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Financial Perversions Sold During Credit Boom

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By: Floyd Norris | February 11, 2010

Would you buy a “XXX” security?

Those securities do exist, providing evidence of the perversion of finance during the credit boom that ended so abruptly in 2007 and 2008.

That perversion was not of the type you might associate with the label XXX. The letters instead refer to the number of a regulation that insurance companies found inconvenient, and wished to get around.

Here are some of the features that make XXX securities memorable:

They were based on the assumption, endorsed by the bond rating agencies, that insurance regulators were requiring life insurers to retain too much capital.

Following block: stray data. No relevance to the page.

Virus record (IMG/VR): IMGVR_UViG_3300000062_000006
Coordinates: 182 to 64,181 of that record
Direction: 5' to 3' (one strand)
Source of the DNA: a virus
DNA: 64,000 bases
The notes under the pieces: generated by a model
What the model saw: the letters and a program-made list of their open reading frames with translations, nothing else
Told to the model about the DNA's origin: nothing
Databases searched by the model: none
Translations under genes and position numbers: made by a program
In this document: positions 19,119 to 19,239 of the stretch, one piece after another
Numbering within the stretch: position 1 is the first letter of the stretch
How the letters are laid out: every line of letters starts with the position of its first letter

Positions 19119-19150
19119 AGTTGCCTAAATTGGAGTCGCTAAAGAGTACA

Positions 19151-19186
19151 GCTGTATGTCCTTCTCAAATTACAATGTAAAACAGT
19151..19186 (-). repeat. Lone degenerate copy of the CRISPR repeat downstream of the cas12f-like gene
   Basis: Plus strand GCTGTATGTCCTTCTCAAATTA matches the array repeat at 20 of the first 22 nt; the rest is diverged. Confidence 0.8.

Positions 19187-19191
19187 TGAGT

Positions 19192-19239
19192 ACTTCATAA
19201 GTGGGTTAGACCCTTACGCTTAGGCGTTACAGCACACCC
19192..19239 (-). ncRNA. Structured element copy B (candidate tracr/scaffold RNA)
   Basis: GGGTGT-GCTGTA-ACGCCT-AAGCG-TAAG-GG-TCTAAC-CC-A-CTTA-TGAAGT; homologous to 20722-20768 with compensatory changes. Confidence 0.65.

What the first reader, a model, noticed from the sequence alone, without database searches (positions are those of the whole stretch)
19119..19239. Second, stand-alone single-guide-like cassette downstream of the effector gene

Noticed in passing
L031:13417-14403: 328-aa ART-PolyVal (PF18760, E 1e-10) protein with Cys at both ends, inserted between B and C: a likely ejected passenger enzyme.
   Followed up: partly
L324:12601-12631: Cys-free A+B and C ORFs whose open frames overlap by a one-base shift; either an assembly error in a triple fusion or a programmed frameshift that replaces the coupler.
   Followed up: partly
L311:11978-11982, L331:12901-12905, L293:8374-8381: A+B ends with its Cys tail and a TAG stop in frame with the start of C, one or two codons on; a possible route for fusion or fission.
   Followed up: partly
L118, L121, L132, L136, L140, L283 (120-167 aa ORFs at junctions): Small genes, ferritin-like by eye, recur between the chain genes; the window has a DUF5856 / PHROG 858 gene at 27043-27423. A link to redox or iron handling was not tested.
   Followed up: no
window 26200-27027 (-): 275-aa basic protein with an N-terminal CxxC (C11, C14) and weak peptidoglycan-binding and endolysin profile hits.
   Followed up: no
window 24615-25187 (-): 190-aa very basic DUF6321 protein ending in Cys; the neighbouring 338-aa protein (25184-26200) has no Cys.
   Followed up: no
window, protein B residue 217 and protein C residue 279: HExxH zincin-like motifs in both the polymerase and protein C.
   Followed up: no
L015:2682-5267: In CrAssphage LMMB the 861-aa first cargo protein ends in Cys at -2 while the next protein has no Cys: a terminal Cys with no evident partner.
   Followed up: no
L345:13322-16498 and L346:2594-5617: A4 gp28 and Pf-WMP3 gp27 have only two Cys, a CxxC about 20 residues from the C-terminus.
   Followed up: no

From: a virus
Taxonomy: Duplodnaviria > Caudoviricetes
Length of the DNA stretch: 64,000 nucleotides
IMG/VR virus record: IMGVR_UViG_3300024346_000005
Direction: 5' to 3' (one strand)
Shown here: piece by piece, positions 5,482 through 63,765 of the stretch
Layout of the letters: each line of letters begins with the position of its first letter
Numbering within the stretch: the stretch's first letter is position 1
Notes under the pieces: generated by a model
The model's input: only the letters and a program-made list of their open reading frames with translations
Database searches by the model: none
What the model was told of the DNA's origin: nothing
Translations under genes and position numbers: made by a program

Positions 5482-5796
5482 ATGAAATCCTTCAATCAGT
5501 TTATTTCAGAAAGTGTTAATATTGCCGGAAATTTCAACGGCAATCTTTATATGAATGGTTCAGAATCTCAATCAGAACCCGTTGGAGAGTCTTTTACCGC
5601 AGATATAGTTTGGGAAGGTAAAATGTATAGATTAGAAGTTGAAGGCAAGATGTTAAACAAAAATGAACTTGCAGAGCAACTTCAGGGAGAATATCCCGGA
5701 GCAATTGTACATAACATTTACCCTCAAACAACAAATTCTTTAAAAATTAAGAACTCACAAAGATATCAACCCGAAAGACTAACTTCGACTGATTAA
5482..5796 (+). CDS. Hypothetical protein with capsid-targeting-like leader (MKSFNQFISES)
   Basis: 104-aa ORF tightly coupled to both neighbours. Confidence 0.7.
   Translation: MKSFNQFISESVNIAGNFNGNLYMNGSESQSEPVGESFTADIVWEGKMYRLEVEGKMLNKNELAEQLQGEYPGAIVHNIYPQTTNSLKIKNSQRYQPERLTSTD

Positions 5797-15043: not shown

Therefore, investors could take on a large part of the risk of the insurance with complete safety. That would be only the “excess” part, as calculated by the insurance company.

The securities were sold as virtually risk-free cash equivalents, enabling the investor to get out, at par, once a month. Supposedly sophisticated investors sank more than $30 billion into them.

The securities were explained in complex prospectuses that almost nobody even obtained, let alone read.

They were guaranteed by bond insurers, like Ambac, further persuading people there was nothing to worry about. There was, it turns out, plenty to worry about.

Espen Robak, the president of Pluris Valuation Advisors, says some of the securities are trading from 5 to 28 cents on the dollar.

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